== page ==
As part of RBC Thought Leadership’s deep dive into the Creative economy, Disruptors podcast host Trinh Theresa Do talked to Tom Waller, Lululemon’s senior vice president for advanced innovation and chief science officer about creativity in crisis, the importance of purpose and what he’s learned as leader of Whitespace, the firm’s in-house innovation and R&D team.
How would you define creativity within the context of what you do?
I joined the company nine years ago to look at the world of Lululemon and question what we could become with the assets that we have. Creativity in that sense was about saying what if? What if we could be more of a solution to our guests’ total wellbeing than just helping them get dressed? My job was to bring some codification to our approach.
It sounds like creativity was woven into Lululemon’s DNA from the very beginning.
I was attracted to Lululemon because innovation was everywhere. It didn’t feel like it was something they needed to add. It was something they needed to amplify. And an important thing was to not get too good at being Lululemon, to not get stuck in that identity that others would start to describe. Too many companies start to wallow in success and wonder why they see a diminishing return.
What else is integral to the creative culture of Lululemon? And how did you codify that?
There’s the science of feel and human connection. On the product side, science of feel is the primary focus. As we get closer to retail, the bull’s eye shifts towards human connection. Think about when you get dressed in the morning. You did that to yourself and it created a level of confidence. Understanding how clothes and other sensory inputs can shift your state of mind and directly affect the performance of tasks…as we codify those things, we can affect not just human-centered design, but we can understand the mechanisms that affect those behaviors and create for those.
What role do you think crises play in creativity?
A lot of incredible things are forged in crisis. And those of us that create now really do have a different level of influence in the future that unfolds. The fact that it’s been a health crisis is really interesting because we’ve all had a brush with mortality. So we’re able to really scrutinize what matters. And interestingly, comfort really matters.
What role does your Vancouver location play in the success of Lululemon?
When you live in a problem, you tend to want to create a solution. So being in the great outdoors, being in a temperate rainforest, being around the Pacific Northwest, we have something like 16 or 17 different climates that we can experience throughout 12 month cycles. So surprise, clothing companies evolve. And surprise, as soon as it’s sunny, people pile outside and try and be active. Lululemon being created here was not an accident.
How would you advise other companies seeking to grow the way Lululemon did?
The most important thing is to back up from the business model and look a little harder at the purpose. The business model encourages us not to change. The purpose encourages us to change.
You sometimes see big mature companies separate their innovation teams from the rest of the corporation to protect them. How do you ensure Whitespace remains in a safe space?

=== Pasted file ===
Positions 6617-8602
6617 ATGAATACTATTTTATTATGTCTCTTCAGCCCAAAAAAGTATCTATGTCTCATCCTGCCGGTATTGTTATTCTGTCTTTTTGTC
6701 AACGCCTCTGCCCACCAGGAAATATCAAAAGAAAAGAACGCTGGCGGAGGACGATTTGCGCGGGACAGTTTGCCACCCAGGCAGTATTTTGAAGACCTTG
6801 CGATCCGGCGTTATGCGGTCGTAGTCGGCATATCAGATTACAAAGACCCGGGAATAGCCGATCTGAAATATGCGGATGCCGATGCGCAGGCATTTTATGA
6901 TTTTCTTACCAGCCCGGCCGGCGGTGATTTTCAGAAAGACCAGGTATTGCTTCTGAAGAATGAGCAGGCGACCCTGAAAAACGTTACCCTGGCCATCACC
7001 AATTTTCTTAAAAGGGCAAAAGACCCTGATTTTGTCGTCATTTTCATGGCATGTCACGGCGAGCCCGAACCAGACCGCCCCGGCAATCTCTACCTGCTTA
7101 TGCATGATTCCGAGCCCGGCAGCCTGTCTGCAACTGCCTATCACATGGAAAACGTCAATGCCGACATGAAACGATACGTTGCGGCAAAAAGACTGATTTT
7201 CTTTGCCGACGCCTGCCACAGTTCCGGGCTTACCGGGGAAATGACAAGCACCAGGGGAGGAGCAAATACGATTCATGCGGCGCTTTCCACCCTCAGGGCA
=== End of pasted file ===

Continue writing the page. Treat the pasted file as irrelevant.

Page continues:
I don’t know if safe is the right mindset. In fact, my team would probably say the opposite. When I first coined the term Whitespace, it was because I was hearing this terminology, ‘there are these white spaces around us. There are these opportunities that seem to be empty that maybe we should go and populate.’ I didn’t want to be called the innovation team, because two things happen. One is everyone says, ‘oh, OK, they’ll do it.’ And then you instantly shrink the innovation capability across the rest of the company. Or you have the opposite, which is ‘how come they get to do it?’ And then you create a moat between business as usual and business unusual.
My founding philosophy is that projects own people. People don’t own projects. There isn’t one team that gets to own a separate set of projects, there are clearly defined projects with a different success criteria and a different cross-functional group. That is the talent that brings that to life.
There’s clearly at some point a handoff of the development work you oversee. What are the key factors that would push an idea to execution?
It’s not a relay race. So there isn’t really a handover. We treat it like a team sport. A different person is driving the bus, but we’re still on the bus, we just we provide a different service in that in that stage. The most important thing is that the goal gets scored and we stay there until the game is over.
What is the ideal mindset for a creative team player?
Tolerance for ambiguity. I tend to come across two types of people. There’s a person that waits for structure and a person that creates structure. The latter is preferable. We very much look for people that are able to sit in ambiguity and go, ‘hmmm, I’m on a blank sheet of paper here, but I’m just going to start doodling if nothing else.’ And this doodle turned into something. Not everyone is wired to do that. Not everyone can be trained to do that. We can give people the psychological safety to fail in adding structure to ambiguity. But it’s very much a people-powered thing and a rare and valuable skill.
As a company, how do you attract the right mix of those types?
What is really important is to be attractive to all types of people. We have to be able to look at the world like it needs us to create something. On the other side of the coin, we have to be able to deliver it. To be attractive to big thinkers is just as important as to be attractive to big deliverers. The best way forward seems to be, hire both.
This interview was edited and condensed for clarity.
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